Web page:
So if I’m trying to escape daily life, I’m perhaps not looking for a lesson in self-awareness and humility from almost three thousand years ago. Look around you – is there a more pertinent message for our current narcissism-propagating egocentric age of selfie sticks and motivational quotes? Hard to think of one on this peak from where I look down on all of you. Drunken giants and bitchy water deities aren’t the main event in The Odyssey. As with a great deal of fiction, the underlying elements are the things that resonate with the reader far longer than the immediate exoticisms they are dressed in. Sure, the ancient Greeks did believe in Poseidon and ‘don’t talk shit about deities’ is a very literal message on the one hand. On the other, the idea that Poseidon is just a soggy immortal who doesn’t like losing, not a representation of limitations, is to do ancient storytellers a disservice. You can take the points of this story and replace the sea monsters, sailors, and gods with spreadsheets, tax fraud, and the government, but the ‘pride before a fall’ narrative wouldn’t cease to exist and the story itself is no better or worse because some elements are more immediately recognisable.

Back to school

But let’s assume that all of the literature that you read is realist, emphasising all the struggles and tedium in the life of the ‘common man’. What is this proving? Is the conclusion that people should draw, that you are a down to earth juggernaut of the world with no time for the frivolities of the imagination? From there, can we say that this focus on projecting and emphasising the pragmatic and real is supposed to illustrate some superiority of character or emotion over more exotic scenarios? From there are we to draw the idea that a person who prefers their fiction less grounded is inherently less emotionally robust or more prone to character flaws?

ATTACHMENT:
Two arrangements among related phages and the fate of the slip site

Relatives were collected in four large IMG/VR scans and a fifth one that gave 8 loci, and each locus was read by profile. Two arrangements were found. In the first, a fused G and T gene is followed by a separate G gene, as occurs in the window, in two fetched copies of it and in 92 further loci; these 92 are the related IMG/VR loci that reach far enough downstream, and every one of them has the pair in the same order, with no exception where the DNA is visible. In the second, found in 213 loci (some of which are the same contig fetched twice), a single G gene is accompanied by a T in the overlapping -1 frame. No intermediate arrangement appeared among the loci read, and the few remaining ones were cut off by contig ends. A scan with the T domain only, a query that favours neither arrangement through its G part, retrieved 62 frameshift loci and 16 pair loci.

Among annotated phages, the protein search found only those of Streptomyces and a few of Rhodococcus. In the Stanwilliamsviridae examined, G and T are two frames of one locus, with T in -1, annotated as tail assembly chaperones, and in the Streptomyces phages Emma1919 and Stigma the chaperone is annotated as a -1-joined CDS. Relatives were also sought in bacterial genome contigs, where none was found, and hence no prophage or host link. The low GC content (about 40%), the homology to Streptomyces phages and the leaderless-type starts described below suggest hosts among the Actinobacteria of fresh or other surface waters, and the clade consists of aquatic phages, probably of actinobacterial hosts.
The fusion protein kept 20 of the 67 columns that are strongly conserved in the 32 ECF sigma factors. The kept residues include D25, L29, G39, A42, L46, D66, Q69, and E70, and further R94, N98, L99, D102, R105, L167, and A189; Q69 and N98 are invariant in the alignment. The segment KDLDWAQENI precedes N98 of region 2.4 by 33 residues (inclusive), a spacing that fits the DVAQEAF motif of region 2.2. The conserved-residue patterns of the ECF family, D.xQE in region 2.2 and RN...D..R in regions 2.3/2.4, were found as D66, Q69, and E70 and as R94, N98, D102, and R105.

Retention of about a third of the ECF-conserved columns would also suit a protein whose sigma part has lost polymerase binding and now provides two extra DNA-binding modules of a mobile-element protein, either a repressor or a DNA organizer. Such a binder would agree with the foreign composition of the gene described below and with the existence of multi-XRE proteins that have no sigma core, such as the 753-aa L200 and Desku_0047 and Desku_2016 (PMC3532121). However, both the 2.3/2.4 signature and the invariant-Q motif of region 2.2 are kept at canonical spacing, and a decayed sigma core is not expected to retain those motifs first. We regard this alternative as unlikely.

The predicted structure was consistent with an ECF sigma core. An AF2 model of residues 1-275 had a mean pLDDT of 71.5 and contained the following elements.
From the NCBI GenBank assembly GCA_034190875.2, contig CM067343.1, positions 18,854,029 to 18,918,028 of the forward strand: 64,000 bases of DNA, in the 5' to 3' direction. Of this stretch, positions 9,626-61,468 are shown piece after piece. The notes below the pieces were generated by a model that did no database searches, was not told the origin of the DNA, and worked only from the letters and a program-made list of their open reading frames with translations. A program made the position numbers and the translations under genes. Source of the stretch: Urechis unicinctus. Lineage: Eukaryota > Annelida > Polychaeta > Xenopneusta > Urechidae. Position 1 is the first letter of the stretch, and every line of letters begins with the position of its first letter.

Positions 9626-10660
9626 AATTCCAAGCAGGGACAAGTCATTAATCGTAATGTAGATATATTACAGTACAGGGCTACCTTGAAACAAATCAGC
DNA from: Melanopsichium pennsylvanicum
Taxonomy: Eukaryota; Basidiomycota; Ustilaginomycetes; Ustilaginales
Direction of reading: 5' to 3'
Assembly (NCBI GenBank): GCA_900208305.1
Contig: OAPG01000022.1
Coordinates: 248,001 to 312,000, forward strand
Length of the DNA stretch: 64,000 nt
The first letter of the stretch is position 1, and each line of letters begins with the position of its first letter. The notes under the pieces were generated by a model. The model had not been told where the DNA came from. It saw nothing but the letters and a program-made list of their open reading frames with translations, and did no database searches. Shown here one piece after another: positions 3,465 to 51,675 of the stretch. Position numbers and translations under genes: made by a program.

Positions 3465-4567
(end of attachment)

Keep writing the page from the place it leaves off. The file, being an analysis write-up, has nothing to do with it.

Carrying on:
Pragmatism isn’t a personality constant. It is perfectly plausible to be pragmatic and down to earth as the situation requires it, but also not to carry over goal-oriented behaviours where they are not a priority. The world is not a boot camp and you are not a drill sergeant for words.

Now let’s say that a book is escapist. Let’s say that the person reading it is doing so with the aim of getting away from bills, deadlines, their job, debt, relationship troubles – you name it. Can we not argue that knowing when to step away, assess their state honestly, and take the time out to recharge, is nothing but pragmatic? If anything, we should be more concerned by the culturally-testosteronic insistence on ignoring your own mental health for the sake of other people’s weightless opinions. The result, of course, is that if there isn’t an answer to the issue creating the impetus for distance, the resultant anxiety is liable to increase. That pressure has to go somewhere, and without a venting mechanism it is likely to cause damage to the person, and their surroundings, if that pressure cannot be contained or addressed. Knowing this, to encourage wilful disregard is impractical if not hypocritical if we are to, at the same time, propose that fiction, presumably of a certain style, can provide a vector for self-knowing on the way to improvement and thereby implying assuagement to the sources of underlying disruption. Yet it seems the idea of the relentlessly practical person as an inherently stronger character remains. While the idea of the stoically enduring pragmatist is ironically romantic, it is also a potentially dangerous lie.

“When I became a man I put away childish things, including the fear of childishness and the desire to be very grown up.”

Strength and weakness being predicated on the basis of endurance alone is fallacious, being reliant on an its adherents maintaining a false dichotomy that appears to be founded on a false equivalence:

Genre fiction deals with the overly simplified and unrealistic. Therefore, literature outside of genre fiction must deal with the complex and real. Focus on the simple and unrealistic is indicative of weakness. Focus on the complex and real is indicative of strength. Therefore, genre fiction is for people who are too weak for reality, while those who do not read genre fiction are strong enough for reality.

None of this is true. It also just seems to divide the entire scope of readers into people who read genre and people who do not, and never the twain shall meet. That’s also not true. So what’s going on? Insecurity. There’s a sense that this is less about what people read and more about people trying to prove something. Certainly, it seems to me, that the steady inference of romanticised stoicism leaking through seems to carry the whiff of over-compensatory machismo about it.